1 Samuel 2.18–20, 26
Parents, have you ever been out and about and realised that your child is no longer with you? You may have been in a shopping centre looking at what to buy and when you look down little Johnny’s gone.
It’s a rotten feeling, isn’t it? Sudden fear, intense panic and a huge dose of self-blame. You just know that everyone will say what a rotten parent you are.
If you’ve ever been in that situation, you have some idea of how Mary and Joseph felt. They’d gone up with family and friends to Jerusalem to celebrate the Passover feast in the great Temple there. Halfway home, they realise Jesus isn’t with the group. Frantically, they look and look again in every nook and cranny, calling Jesus’ name over and over. Nothing. Finally they trudge back to the city under a cloud of shame, fighting off those insistent thoughts that kept inserting themselves into their minds—thoughts that he may no longer be alive.
Still, they found him. Parents will understand Mary’s mixture of relief, exasperation and anger:
Child, why have you treated us like this? Look, your father and I have been searching for you in great anxiety.
But Jesus responded,
Why were you searching for me? Did you not know that I must be in my Father’s house?
Didn’t you know where I’d be?
Well, they didn’t. It’s kind of comforting to see that the Holy Family had its messy moments. It gives some encouragement to the rest of us.
But Luke doesn’t tell the story to show that the Holy Family was human. This is a kind of ‘coming of age’ story, where Jesus is coming to terms with his identity as Son of God. Luke shows us that it’s something he had to learn about himself.
He was with the wise men in the Temple. Don’t run away with the idea that Jewish faith is all bad. Luke says that Jesus was
sitting among the teachers, listening to them and asking them questions. And all who heard him were amazed at his understanding and his answers.
Jesus was asking intelligent questions and giving good answers. In other words, he was learning.
Luke says that
Jesus increased in wisdom and in years, and in divine and human favour.
Luke is deliberately echoing part of the story of Samuel here. Remember Samuel, the prophet who grew up in the Temple, who anointed David as king? In our First Reading today we heard that
the boy Samuel continued to grow both in stature and in favour with the Lord and with the people.
The wording is very close, isn’t it? Luke wants us to think of Samuel here. Samuel became a great man, remembered throughout history. He established David as king, and in later years the Jewish people were to imagine a Messiah who would be born of David’s line.
Luke says, That Messiah has come at last! It’s Jesus!
Luke is saying that a greater than David is here, “King David’s greater son”. Greater things will happen through this boy who is sitting at the feet of the elders in the Temple than ever happened through Samuel and David.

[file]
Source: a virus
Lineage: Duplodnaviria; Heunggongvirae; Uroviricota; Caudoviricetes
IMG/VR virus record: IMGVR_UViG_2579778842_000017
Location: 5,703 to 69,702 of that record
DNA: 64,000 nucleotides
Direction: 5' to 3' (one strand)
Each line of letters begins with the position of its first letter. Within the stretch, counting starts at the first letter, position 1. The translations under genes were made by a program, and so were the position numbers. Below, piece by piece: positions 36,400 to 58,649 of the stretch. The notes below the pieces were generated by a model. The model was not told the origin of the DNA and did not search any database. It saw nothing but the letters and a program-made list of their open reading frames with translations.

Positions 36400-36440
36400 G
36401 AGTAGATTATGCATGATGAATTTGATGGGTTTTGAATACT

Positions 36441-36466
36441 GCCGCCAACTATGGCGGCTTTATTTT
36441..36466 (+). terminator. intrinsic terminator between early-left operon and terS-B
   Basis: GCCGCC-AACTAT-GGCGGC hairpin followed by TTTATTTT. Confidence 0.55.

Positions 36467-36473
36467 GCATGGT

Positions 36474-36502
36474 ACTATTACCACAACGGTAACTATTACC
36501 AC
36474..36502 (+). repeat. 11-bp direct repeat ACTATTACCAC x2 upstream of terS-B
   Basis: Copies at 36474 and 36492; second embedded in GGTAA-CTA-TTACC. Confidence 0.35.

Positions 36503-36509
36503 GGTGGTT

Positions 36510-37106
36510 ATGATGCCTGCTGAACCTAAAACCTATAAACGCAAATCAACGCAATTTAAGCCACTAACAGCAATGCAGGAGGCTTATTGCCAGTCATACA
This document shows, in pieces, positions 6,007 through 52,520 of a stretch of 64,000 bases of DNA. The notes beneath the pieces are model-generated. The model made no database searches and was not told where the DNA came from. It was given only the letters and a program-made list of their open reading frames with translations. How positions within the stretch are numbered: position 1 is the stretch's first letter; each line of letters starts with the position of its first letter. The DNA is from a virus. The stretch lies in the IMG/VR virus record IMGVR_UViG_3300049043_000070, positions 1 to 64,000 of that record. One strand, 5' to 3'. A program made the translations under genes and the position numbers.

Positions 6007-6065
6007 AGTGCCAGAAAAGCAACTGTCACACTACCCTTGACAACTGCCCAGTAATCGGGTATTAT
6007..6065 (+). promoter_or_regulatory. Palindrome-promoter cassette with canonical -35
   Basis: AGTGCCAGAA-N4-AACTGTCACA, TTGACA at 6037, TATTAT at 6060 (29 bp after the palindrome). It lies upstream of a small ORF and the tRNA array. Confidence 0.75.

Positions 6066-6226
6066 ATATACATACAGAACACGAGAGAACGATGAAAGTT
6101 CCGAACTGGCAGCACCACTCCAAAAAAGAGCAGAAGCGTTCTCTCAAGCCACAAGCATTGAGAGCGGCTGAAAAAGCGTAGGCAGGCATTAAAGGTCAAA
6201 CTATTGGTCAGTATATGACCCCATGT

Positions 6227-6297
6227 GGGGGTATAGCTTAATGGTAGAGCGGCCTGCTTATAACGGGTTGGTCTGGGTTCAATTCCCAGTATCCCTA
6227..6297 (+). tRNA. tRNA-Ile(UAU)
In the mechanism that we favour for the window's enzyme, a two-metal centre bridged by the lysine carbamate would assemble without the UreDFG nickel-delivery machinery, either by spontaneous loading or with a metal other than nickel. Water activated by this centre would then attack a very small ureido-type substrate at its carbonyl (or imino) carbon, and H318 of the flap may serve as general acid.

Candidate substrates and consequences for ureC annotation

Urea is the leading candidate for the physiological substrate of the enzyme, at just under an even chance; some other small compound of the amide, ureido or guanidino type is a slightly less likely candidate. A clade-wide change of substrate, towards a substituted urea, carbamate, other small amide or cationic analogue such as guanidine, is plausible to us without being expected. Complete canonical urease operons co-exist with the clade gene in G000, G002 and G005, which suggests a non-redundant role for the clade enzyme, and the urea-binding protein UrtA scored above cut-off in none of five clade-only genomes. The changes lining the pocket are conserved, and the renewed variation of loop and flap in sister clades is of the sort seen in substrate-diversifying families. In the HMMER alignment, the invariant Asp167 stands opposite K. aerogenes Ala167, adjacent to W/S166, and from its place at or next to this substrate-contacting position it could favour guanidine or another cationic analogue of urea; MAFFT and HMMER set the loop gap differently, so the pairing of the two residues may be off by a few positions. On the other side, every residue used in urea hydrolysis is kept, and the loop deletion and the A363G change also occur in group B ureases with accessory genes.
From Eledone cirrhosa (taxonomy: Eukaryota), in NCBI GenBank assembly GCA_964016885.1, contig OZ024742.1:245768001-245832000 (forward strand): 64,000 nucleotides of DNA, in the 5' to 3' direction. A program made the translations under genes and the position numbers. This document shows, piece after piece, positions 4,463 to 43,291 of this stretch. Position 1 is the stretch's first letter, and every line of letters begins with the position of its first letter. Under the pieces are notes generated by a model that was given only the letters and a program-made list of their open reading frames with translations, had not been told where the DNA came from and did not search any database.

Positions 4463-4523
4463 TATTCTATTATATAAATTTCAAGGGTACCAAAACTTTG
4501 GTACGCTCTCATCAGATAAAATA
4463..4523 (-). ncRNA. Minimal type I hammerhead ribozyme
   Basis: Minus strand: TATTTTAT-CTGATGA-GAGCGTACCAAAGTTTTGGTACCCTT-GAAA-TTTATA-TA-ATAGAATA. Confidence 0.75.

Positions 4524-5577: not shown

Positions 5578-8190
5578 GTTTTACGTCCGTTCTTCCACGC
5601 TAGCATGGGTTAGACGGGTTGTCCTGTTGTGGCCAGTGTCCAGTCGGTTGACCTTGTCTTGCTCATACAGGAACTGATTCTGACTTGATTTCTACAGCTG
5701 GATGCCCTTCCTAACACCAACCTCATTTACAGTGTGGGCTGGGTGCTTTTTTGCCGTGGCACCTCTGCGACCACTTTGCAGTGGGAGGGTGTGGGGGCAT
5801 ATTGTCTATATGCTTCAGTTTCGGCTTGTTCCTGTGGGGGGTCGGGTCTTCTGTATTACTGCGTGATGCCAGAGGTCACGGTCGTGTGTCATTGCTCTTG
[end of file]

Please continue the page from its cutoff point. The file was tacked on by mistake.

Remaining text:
God was fulfilling God’s promises here. God was providing the people with their Messiah. The time of God’s kingdom was coming.
Of course, we know the tragic story. The people rejected their Messiah and Jesus, the man of wisdom, was hung upon a Roman cross.
And we know the further story. He was raised, but not as a happy-ever-after ending. He was raised still with his wounds so that he can stand with us as we also learn and grow in wisdom and in grace. Because, as we know, we often only learn wisdom through times of difficulty.
So here we have Jesus coming to terms with himself at the age of twelve. Here we have Jesus, greater than Samuel or even David.
And here we are, the Body of Christ. Together, we are Jesus’ hands and feet. We don’t just gather for worship—we are reconstituted as Christ’s Body. We are Jesus for others here and now. His Spirit is with us, he is teaching us wisdom.
How do we grow in wisdom and grace? We grow through the spiritual practices we are familiar with—gathering week by week as Christ’s Body, prayer, scripture reading, reaching out to others in need. And we grow as we allow these practices to become part of who we are. When we start missing them if we don’t do them.
Bernard of Clairvaux was an abbott of the twelfth century. He said,
Keep God’s word in this way. Let it enter into your very being, let it take possession of your desires and your whole way of life.
Growing in wisdom and grace involves growing in knowledge, but is not a purely intellectual thing. That’s why the Apostle Paul says we have to “put on Christ”. We must clothe ourselves with the things that show Jesus to others. Paul lists some of them:
…compassion, kindness, humility, meekness, and patience.
This is what it means for us to be part of the way Jesus is fulfilling the hopes of Israel, and extending that hope to the entire world.
I used to think that I had to win arguments in order to witness to Jesus Christ. I used to think I needed to have the right words in all circumstances. But I don’t need all that. I need something that comes from the heart, something I learn because the Spirit of Jesus is at work in me changing me into someone who can “put on Christ”.
So I am called to compassion, kindness, humility, meekness and patience. And if that’s not enough, there’s yet more! If I have something anyone against another person, I am called to forgive them. Why? Because I’ve been forgiven by Jesus. I don’t need to win all the arguments. I do need to let my character be shaped by the Spirit of Jesus.
Paul calls us “above all” to “clothe [ourselves] with love, which binds everything together in perfect harmony”.
As we leave 2012 behind, as we enter 2013, some of us will make New Year resolutions. If you do, consider that Jesus learnt wisdom, and that we are called to learn the way of compassion and forgiveness and to grow in love. Consider making these things your resolution for 2013. It’s hard to go past them as the way the light of Christ shines through us for the sake of the world.